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What is seasonal influenza (flu)?
Seasonal influenza, commonly called "the flu," is caused by influenza viruses, which infect the respiratory tract (i.e., the nose, throat, lungs). Unlike other viral respiratory infections, like the common cold, the flu can cause severe illness and life-threatening complications in many people.
In the United States, more than 200,000 people are hospitalized from seasonal flu-related complications, and; about 23,600 people die from seasonal flu-related causes.
Symptoms of flu include:
- fever (usually high)
- extreme tiredness
- dry cough
- sore throat
- runny or stuffy nose
- muscle aches
- stomach symptoms, such as nausea, vomiting, and diarrhea, also can occur but are more common in children than adults
What is the most effective way to prevent the spread of flu?
- Get vaccinated!
- Cover your nose and mouth with a tissue when you cough or sneeze. Throw the tissue in the trash after you use it. No tissue available? Cough into your sleeve or elbow, not your hands.
- Wash your hands often with soap and water for at least 20 seconds, especially after you cough or sneeze. Alcohol-based hands cleaners are also effective.
- Avoid touching your eyes, nose or mouth. Germs spread that way.
- Follow the advice of your local public health department regarding school closures, avoiding crowds and other measures to reduce flu transmission.
- If you get sick, stay home. The CDC recommends that you stay home from work or school and limit contact with others to keep from infecting them.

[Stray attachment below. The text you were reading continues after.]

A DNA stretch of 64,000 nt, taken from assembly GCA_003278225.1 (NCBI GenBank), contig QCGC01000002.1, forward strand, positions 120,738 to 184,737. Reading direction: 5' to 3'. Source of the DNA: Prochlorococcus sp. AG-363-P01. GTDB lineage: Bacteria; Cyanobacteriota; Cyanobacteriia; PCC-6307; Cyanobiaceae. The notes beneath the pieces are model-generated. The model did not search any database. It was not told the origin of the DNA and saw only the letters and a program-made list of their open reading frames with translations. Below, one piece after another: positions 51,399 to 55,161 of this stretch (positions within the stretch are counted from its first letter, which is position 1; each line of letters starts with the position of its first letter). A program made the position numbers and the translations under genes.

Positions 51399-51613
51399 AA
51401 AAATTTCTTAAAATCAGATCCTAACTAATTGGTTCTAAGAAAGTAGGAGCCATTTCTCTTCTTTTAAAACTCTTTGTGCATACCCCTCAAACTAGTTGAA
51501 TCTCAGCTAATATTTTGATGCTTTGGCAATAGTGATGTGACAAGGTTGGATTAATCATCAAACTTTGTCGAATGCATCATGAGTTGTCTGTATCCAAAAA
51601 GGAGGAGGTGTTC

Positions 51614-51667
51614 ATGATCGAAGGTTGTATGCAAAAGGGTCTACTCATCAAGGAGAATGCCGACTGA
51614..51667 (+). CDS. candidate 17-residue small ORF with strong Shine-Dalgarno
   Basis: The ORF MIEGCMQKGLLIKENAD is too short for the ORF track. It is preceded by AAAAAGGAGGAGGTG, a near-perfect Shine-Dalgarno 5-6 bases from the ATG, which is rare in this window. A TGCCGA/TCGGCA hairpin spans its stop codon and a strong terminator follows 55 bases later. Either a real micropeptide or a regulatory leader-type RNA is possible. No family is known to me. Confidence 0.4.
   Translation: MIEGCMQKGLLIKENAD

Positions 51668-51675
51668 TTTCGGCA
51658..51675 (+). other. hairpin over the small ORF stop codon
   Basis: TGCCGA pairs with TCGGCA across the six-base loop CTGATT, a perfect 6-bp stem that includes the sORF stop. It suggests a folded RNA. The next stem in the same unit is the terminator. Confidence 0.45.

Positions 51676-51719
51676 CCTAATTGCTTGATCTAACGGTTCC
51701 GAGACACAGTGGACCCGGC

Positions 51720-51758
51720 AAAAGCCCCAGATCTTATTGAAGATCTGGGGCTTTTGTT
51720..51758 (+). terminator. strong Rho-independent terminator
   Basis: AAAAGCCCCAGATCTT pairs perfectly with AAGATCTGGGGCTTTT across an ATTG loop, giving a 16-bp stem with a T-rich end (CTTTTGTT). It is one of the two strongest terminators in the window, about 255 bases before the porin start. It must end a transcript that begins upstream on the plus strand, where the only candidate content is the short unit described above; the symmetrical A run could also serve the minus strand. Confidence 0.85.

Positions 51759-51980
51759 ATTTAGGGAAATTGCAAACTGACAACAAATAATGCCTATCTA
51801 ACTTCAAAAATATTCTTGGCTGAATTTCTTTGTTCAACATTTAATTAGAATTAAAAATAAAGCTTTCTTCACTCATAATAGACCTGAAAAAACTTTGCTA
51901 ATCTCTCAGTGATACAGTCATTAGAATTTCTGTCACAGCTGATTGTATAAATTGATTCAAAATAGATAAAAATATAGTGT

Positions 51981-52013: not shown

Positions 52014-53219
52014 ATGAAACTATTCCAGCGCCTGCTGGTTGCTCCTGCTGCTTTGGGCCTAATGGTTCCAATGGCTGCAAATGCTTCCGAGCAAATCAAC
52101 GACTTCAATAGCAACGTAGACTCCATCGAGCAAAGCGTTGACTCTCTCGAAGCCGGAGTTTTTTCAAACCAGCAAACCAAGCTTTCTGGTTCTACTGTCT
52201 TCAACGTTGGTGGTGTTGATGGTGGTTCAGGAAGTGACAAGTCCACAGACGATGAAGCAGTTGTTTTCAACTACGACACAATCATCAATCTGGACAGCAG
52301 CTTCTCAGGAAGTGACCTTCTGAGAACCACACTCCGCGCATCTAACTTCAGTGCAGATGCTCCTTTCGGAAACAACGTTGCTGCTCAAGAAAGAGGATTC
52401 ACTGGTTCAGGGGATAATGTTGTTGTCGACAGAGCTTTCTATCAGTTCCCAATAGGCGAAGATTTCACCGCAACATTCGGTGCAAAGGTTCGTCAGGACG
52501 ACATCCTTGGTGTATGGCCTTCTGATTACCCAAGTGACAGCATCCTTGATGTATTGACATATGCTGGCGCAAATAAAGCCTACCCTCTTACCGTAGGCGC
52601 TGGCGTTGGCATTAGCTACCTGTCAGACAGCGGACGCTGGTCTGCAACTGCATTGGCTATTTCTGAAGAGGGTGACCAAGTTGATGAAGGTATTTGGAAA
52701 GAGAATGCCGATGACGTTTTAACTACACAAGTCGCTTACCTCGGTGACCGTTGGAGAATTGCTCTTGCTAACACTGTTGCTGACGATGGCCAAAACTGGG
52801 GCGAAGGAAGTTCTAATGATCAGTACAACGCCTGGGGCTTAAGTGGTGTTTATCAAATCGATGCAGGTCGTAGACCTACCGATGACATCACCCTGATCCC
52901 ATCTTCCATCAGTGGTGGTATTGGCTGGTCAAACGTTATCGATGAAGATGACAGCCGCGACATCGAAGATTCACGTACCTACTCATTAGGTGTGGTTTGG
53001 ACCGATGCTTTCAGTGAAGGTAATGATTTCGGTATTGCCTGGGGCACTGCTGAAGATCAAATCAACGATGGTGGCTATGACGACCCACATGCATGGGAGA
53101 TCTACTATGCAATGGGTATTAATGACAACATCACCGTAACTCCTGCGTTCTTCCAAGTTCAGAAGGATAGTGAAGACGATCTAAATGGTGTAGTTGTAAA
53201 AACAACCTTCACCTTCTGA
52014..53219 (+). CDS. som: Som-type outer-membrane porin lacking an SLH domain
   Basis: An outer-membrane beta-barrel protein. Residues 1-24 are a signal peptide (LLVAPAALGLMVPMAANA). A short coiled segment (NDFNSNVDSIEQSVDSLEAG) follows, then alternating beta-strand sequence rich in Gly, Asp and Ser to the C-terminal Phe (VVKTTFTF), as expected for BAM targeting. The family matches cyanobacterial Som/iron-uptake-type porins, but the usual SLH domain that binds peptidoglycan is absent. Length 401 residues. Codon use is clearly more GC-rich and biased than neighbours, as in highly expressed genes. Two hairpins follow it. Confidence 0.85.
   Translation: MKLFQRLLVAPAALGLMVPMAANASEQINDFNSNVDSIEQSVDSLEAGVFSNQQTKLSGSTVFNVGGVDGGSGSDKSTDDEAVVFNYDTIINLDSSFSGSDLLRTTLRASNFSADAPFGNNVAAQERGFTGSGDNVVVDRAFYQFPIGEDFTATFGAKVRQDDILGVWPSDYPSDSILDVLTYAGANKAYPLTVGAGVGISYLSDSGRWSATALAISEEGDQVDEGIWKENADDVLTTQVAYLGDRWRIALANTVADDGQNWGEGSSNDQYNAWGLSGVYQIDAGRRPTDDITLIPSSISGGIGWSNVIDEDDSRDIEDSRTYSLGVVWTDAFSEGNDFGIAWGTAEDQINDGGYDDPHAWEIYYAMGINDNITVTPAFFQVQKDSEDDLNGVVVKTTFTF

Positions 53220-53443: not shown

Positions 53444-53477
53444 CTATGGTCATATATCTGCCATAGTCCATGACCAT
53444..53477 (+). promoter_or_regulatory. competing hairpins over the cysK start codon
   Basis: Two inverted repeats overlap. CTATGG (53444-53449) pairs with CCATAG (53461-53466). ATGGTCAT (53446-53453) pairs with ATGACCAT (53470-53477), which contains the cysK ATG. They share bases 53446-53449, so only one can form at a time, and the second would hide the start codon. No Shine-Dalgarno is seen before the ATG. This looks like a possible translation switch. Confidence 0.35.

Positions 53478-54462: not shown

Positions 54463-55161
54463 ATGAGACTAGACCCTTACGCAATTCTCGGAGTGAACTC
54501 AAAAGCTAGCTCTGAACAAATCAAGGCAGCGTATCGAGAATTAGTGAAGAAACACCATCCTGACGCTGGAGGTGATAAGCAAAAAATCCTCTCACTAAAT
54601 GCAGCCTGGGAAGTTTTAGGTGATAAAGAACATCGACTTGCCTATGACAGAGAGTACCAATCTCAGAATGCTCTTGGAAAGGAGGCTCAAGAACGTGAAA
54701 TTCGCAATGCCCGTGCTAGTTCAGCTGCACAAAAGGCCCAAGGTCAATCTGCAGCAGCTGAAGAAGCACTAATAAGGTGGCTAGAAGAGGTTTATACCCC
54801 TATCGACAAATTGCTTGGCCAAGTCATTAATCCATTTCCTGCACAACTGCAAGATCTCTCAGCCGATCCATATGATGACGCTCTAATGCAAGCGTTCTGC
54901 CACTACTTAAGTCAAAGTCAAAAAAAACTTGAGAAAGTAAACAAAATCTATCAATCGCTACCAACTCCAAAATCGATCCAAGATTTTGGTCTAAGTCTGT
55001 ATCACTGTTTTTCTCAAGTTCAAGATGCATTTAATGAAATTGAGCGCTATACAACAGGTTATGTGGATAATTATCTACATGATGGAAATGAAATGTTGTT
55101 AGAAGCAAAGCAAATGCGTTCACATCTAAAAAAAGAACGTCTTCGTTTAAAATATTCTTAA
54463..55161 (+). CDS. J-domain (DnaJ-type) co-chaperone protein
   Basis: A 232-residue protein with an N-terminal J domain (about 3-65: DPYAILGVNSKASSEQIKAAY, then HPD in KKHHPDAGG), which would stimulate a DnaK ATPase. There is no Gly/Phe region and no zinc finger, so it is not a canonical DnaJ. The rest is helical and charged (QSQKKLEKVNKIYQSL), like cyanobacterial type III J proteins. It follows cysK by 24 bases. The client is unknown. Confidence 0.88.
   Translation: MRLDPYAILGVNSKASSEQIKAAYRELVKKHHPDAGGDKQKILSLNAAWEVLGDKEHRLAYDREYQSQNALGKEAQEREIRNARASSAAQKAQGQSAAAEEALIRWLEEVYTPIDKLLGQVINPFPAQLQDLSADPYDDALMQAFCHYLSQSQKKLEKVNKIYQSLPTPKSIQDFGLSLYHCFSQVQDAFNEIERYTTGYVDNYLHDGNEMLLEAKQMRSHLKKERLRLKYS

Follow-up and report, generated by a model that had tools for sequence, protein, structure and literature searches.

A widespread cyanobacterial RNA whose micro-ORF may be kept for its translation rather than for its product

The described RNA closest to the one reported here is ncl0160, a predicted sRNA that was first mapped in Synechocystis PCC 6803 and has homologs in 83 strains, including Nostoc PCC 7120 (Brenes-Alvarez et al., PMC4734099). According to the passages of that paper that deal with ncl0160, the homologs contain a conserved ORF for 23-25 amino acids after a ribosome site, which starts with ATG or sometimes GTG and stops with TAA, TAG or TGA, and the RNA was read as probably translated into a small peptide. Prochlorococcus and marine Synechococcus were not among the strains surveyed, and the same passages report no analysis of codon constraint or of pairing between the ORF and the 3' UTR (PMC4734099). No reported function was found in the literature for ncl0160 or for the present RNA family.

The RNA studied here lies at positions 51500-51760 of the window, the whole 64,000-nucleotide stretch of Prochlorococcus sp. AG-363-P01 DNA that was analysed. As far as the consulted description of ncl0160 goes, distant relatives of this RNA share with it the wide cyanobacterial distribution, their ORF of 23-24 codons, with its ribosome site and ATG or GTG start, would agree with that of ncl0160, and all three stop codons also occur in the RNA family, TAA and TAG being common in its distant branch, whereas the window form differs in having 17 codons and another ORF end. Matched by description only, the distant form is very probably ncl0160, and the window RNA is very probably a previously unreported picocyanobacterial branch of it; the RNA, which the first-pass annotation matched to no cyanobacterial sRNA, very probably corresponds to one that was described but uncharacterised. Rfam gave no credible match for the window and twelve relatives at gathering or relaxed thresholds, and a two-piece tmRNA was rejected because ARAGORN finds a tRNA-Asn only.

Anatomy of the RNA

- Practice other good health habits. Get plenty of sleep, be physically active, manage your stress, drink plenty of fluids, and eat nutritious food.
When should I contact my health care provider?
Get emergency medical care if you or someone you know has flu and any of the signs below:
- Trouble breathing or chest pain
- Purple or blue discoloration of the lips
- Vomiting and unable to keep liquids down
- Signs of dehydration, such as dizziness when standing, less urine, or in infants, a lack of tears when they cry
- Seizures (for example, uncontrolled convulsions (shakes)
- Is less responsive than normal or becomes confused
- Signs of flu that improve but then return with fever and worse cough
- Fever with a rash
- Any other signs that are especially worrisome or concerning
Can you get the flu vaccine if you currently have cold/flu symptoms?
If you are moderately or severely ill, you might be advised to wait until you recover before getting the vaccine. If you have a mild cold or other illness, there is usually no need to wait.
For additional information visit flu.gov.
Is the flu shot right for you?
The Center for Disease Control Advisory Committee on Immunization Practices voted for “universal” flu vaccination in the U.S. to expand protection against the flu to more people -- everyone 6 months and older should get a flu vaccine each year.